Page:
Author: Toyama Y, Sasaki KI, Tachibana K, Ueno T, Kajimoto H, Yokoyama S, Ohtsuka M, Koiwaya H, Nakayoshi T, Mitsutake Y, Chibana H, Itaya N, Imaizumi T.
Department of Internal Medicine, Division of Cardio-Vascular Medicine, Kurume University School of Medicine.
Conference/Journal: Cardiovasc Res.
Date published: 2012 May 28
Other: Word Count: 173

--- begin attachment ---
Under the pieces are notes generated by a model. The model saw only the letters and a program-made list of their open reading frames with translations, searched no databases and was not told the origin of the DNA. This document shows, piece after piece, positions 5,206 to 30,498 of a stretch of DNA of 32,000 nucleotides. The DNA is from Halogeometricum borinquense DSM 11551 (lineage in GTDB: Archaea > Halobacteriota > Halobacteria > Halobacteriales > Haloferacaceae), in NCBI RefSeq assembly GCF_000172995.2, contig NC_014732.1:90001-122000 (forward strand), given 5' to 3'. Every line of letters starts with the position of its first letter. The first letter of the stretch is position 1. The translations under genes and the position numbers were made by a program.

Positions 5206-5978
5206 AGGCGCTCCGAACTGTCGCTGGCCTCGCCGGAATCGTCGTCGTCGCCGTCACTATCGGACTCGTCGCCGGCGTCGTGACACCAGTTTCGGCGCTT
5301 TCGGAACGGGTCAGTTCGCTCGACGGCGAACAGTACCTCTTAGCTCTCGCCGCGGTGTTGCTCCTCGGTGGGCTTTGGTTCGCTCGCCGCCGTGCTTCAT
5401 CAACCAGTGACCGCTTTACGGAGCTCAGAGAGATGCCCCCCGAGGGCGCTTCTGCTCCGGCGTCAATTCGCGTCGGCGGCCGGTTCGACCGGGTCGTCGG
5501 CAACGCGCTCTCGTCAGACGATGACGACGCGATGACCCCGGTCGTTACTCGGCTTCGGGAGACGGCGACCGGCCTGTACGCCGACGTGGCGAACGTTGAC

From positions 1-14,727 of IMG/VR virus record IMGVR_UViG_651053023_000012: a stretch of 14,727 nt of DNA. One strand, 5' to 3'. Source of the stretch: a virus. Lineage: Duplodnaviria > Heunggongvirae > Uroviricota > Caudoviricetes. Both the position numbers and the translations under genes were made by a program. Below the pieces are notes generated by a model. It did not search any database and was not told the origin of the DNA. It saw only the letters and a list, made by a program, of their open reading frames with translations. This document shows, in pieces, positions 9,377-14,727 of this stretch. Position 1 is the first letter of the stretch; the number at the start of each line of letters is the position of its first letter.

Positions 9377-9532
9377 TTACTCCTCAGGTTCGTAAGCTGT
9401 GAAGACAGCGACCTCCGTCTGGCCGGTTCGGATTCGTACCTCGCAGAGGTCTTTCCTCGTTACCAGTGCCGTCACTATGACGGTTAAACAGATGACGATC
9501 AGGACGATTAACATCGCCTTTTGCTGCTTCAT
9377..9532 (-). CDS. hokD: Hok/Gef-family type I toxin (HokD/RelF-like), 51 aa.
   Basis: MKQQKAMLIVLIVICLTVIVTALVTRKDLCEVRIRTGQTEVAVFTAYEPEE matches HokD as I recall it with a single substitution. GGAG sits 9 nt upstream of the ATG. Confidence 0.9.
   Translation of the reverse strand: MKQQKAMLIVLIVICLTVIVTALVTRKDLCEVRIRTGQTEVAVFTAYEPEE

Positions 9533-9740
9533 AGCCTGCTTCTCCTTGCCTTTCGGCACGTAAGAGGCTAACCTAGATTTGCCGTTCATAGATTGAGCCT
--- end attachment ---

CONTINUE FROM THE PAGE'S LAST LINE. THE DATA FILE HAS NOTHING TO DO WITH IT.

AIMS: Unsatisfactory effects of therapeutic angiogenesis in critical limb ischemia may be ascribed to use of circulating angiogenic cells (CACs) with impaired neovascularization-related capacities of atherosclerotic patients. We tested whether ultrasound cell stimulation can restore the impaired capacities.Methods and ResultsDuring four-day-culture of human peripheral blood-derived mononuclear cells to achieve CACs, we stimulated the culture cells daily with low-intensity pulsed ultrasound stimulation (LIPUS). LIPUS to healthy volunteer-derived culture cells augmented generation and migration capacities of CACs, increased concentrations of angiopoietin 2 and nitrogen oxides in the culture medium, and increased expressions of phosphorylated-Akt and endothelial nitric oxide synthetase in CACs on western blotting. LIPUS to atherosclerotic patient-derived culture cells also augmented the generation and migration capacities of CACs. Although neovascularization in the ischemic hindlimb of athymic nude mice was impaired after intramuscular injection of atherosclerotic patient-derived CACs compared with that of healthy volunteer-derived CACs, LIPUS to atherosclerotic patient-derived culture cells restored the impaired neovascularization. CONCLUSION: Therapeutic angiogenesis with LIPUS-pretreated CACs may be a new strategy to rescue critical limb ischemia in atherosclerotic patients.